Five Ways to Help Keep Your Relationship Strong

Five Ways to Help Keep Your Relationship Strong

Opening your heart and allowing someone else into your life can be scary. There is no guarantee that you will not experience bumps in the road once you and your partner have made the leap and are committed to a united journey. In anticipation of the ups and downs, it is essential to have strategies to navigate the path with as little stress as possible.

Talk and Share With Honesty

A healthy, functioning relationship is complex if one of you feels unsafe being open and honest. That said, no matter how dedicated you are, there is a chance that you will have moments of self-doubt. Those doubts may center around career questions, family-based issues, or personal faith. Suppose you are afraid to discuss private insecurities for fear of being judged or creating a shift in your dynamic. In that case, you can always consider LDS counseling to find an impartial outsider who can guide you through a productive session. The key to staying strong could be exploring the truths behind what is troubling you.

Spend Time Laughing

Whether you are laughing at yourself or finding humor in your combined situation, you can lighten most tension by not taking life too seriously. Of course, some matters require focus and in-depth reflection, but the ability to giggle because one of you can’t remember to pick their shoes up off the floor can be empowering. Tiny imperfections are often the qualities that make people fall in love, and when you lose sight of that fact, you can enter into dangerous territory. So, step back and chuckle rather than get angry and let frustration build up. Make a joke out of the habitual stumbling block and then design a month-long contest to see who can avoid their naughty behavior the longest.

Eat Meals Together

School, jobs, family and friends keep everyone busy. While it might not be possible to sit at the table for every meal, you could try to make eating meals together a rule in your household rather than an exception. Even if there are only two people in your immediate family, that couple time can provide opportunities to talk about what went on in each of your days, work through upcoming dates or stay in touch with your emotional needs. It can also be helpful to divide the meal prep responsibilities so that no one feels like they are doing all the work. Another consideration is going out to eat one night or ordering takeout for an evening, so you both have a chance to relax. Some might argue that sitting in front of the television for dinner is a distraction, but it can be fun if you enjoy a show you bond over.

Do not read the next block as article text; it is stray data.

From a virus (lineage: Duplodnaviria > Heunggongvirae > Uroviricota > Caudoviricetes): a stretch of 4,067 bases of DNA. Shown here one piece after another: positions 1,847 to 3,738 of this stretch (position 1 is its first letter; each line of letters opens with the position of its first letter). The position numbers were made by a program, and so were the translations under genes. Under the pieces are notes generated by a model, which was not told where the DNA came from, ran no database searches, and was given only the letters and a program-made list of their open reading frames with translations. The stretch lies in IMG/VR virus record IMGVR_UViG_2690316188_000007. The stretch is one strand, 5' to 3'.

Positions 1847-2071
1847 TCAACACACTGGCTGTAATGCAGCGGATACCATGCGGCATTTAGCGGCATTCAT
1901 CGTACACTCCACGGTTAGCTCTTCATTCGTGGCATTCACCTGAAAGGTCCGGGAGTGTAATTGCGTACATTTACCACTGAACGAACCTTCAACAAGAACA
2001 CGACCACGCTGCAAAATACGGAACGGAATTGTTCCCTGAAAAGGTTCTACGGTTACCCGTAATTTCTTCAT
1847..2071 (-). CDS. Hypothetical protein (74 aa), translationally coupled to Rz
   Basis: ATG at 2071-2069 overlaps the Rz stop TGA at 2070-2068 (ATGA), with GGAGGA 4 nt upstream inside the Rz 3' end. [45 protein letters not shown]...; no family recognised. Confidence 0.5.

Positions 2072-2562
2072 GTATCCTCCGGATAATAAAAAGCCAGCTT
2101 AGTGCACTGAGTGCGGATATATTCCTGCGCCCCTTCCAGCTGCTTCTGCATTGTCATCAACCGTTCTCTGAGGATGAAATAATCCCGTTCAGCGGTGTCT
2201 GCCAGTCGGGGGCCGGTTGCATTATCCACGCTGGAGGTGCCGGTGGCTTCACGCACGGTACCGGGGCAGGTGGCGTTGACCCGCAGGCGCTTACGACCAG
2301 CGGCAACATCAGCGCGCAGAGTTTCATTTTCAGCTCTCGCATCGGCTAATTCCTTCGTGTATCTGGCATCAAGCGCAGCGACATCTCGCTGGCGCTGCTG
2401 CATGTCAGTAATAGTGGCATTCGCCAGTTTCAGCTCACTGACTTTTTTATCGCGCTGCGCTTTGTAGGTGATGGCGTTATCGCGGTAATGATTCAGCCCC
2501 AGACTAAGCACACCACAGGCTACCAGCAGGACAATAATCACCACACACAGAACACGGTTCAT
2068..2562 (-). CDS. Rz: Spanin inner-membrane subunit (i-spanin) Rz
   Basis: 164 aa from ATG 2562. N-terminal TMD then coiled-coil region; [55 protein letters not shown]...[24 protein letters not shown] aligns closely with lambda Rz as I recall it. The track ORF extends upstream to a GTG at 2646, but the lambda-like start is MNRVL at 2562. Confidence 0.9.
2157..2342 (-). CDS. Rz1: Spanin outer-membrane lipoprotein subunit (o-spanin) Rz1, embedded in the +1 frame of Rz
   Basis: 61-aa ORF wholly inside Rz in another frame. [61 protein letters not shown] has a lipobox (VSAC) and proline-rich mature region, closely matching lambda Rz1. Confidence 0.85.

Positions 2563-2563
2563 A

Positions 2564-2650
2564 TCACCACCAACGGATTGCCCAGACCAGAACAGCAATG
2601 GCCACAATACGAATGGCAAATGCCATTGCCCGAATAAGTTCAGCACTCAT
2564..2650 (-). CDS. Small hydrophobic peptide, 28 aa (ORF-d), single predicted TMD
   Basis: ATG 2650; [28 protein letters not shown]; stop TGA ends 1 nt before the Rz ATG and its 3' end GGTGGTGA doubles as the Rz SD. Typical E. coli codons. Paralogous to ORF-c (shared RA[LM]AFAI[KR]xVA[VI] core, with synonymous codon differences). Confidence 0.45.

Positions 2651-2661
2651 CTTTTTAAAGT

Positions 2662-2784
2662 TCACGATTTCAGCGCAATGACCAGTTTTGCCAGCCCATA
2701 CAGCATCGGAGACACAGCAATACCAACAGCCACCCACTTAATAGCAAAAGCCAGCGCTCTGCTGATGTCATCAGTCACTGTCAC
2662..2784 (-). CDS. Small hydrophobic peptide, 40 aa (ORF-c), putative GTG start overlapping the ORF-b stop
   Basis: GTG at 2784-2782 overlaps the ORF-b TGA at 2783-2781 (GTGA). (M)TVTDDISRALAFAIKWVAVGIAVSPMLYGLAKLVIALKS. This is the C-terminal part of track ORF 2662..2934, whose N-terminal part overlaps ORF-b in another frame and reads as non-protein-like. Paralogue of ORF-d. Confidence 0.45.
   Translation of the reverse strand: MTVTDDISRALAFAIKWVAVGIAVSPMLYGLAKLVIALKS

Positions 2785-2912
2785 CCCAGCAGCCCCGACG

Share Responsibilities

Similar to alternating who gets to be the chef on a given evening, maintaining a successful relationship requires equity in each of your day-to-day roles. Regardless of if you are renting a small apartment or living in a stately chateau, there are undoubtedly rooms to be cleaned, groceries to be purchased and bills to be paid. It is possible to create a feeling of resentment if one of you is not contributing on par with the other. A solution is to list what needs to be done daily, weekly or monthly and then clearly indicate who will be in charge of each task. 

Respect Each Other’s Space

Opting to cohabitate is a big step, but it does not mean you have to spend every waking hour side-by-side. Individuality is vital to balance. If you feel overwhelmed or smothered, you may allow minor annoyances to fester and become more significant issues that are detrimental in the long run. Instead, set aside blocks of time reserved for solitary reflection. Permit yourselves to be apart, and trust that those moments will benefit your connection.

A relationship worth having is one worth working for. Do not be discouraged if some days are harder than others, as that is to be expected. Keep the lines of communication open and work through obstacles together.


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